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Disabil Rehabil. 2006 Mar 15;28(5):245-56.

Health behavior change models and theories: contributions to rehabilitation.

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  • 1Department of Physical Medicine and Rehabilitation, University of Michigan Health System, Ann Arbor, MI 48108, USA.



This article highlights the importance of health behavior change (HBC) theory, and its relevance to rehabilitation research and practice.


An extensive review of HBC-related literature pertinent to rehabilitation was conducted, focusing on the potential impact of these theories and models in enhancing long-term results of rehabilitation with regard to lifestyle change and health promotion, and outlining the benefits of incorporating HBC themes into rehabilitation practice. For our purposes, the HBC concept is based on initiation and maintenance of health behaviors, functioning, wellness, and self-management of chronic conditions or disabilities within an environmental context. While comparing and contrasting three widely known theories of HBC, the contributions of these theories to rehabilitation research and practice are discussed.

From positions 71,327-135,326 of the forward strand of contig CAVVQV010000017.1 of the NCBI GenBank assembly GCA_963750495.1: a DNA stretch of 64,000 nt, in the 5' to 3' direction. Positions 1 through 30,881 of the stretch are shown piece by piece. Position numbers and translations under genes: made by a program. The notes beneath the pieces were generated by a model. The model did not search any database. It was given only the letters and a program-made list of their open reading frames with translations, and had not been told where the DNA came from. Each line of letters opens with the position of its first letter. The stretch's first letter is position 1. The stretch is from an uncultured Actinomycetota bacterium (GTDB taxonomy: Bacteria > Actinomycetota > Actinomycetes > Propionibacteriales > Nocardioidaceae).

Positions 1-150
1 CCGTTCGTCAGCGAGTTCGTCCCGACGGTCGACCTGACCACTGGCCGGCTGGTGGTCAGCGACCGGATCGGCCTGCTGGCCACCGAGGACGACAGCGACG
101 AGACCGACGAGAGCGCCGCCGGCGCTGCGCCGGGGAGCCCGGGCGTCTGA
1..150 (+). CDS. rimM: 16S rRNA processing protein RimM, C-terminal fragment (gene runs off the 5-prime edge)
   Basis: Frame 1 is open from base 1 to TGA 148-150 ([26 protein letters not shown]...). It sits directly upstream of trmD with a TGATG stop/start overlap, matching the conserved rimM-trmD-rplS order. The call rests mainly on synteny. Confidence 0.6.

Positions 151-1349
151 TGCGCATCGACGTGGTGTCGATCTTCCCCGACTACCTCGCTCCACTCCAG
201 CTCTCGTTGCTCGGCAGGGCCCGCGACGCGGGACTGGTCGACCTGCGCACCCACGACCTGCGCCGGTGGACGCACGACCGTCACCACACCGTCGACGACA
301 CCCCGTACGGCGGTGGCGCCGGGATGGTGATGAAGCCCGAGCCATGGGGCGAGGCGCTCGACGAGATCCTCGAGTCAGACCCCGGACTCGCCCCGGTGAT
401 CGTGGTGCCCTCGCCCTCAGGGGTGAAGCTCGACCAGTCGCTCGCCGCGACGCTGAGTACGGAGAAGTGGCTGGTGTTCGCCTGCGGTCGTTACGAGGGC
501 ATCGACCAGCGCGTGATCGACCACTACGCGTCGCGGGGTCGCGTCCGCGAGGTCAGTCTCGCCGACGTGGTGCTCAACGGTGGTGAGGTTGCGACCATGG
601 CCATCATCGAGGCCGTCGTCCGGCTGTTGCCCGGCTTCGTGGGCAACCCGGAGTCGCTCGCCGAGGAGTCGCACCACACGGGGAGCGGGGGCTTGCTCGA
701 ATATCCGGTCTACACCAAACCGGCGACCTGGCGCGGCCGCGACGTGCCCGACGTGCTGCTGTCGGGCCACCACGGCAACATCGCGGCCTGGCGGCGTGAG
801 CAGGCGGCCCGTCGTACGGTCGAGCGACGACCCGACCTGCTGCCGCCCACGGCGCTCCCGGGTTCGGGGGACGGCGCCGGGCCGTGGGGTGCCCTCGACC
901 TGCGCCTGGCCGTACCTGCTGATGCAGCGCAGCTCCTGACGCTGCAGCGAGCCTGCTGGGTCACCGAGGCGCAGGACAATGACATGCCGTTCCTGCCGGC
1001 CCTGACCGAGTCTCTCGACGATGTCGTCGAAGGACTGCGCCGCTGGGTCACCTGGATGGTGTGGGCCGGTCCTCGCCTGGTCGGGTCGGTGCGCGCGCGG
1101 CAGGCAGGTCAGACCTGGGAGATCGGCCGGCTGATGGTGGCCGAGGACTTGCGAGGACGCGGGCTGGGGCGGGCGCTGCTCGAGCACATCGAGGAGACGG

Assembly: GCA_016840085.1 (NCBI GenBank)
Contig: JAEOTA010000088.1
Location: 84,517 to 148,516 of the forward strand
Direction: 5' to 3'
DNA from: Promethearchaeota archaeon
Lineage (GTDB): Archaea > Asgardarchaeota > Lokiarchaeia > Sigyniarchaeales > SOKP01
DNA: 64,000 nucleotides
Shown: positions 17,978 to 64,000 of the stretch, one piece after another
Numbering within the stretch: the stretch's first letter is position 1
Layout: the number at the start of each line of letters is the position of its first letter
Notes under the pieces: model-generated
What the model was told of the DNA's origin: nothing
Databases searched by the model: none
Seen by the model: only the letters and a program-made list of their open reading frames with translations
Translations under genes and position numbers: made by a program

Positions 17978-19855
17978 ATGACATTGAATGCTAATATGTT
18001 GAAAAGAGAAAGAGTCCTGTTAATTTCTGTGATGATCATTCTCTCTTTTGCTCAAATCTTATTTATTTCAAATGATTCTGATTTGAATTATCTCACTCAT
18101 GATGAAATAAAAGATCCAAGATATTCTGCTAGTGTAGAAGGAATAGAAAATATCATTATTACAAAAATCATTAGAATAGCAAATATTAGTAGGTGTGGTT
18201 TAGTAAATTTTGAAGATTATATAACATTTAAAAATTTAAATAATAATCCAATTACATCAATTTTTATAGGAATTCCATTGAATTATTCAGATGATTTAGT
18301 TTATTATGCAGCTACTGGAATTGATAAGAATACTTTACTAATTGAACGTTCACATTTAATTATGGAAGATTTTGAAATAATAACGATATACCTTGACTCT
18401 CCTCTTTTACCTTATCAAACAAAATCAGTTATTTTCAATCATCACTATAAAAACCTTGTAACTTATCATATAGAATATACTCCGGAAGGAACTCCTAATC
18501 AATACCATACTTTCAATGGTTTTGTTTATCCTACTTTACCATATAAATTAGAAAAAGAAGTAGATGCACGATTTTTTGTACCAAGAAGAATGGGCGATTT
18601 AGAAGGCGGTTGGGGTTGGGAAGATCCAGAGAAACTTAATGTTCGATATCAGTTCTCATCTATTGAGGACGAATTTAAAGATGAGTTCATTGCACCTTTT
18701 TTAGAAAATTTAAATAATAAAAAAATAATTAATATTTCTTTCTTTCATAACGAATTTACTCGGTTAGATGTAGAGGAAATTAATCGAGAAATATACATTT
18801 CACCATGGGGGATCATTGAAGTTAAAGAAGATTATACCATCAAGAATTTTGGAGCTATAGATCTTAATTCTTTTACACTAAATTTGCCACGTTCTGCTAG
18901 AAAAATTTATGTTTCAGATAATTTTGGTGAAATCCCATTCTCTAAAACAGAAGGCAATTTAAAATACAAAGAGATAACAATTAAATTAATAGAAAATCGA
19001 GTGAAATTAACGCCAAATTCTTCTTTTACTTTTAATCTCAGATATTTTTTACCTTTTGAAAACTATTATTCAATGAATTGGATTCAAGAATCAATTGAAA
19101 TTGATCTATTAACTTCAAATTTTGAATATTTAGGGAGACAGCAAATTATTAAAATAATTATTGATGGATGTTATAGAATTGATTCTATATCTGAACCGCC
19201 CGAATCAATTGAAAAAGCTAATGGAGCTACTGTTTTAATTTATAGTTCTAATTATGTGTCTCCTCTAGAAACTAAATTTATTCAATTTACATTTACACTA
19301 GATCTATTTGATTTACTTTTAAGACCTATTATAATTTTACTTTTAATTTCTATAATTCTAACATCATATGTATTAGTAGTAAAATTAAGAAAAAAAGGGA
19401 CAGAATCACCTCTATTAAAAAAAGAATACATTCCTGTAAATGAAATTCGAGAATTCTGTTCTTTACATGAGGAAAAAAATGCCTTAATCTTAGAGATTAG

Three propositions are put forward: (1) HBC variables should regularly be used as outcome measures in evidence-based rehabilitation research; (2) there should be a better understanding of the role of the rehabilitation provider as a facilitator in eliciting healthy behaviors; and (3) there is a need to expand the HBC concept into a more comprehensive view encompassing a person's functioning within the environmental context.


A conceptual merger between HBC theories and rehabilitation practice can have major implications for individuals with disabilities, their functioning, health, and well-being.

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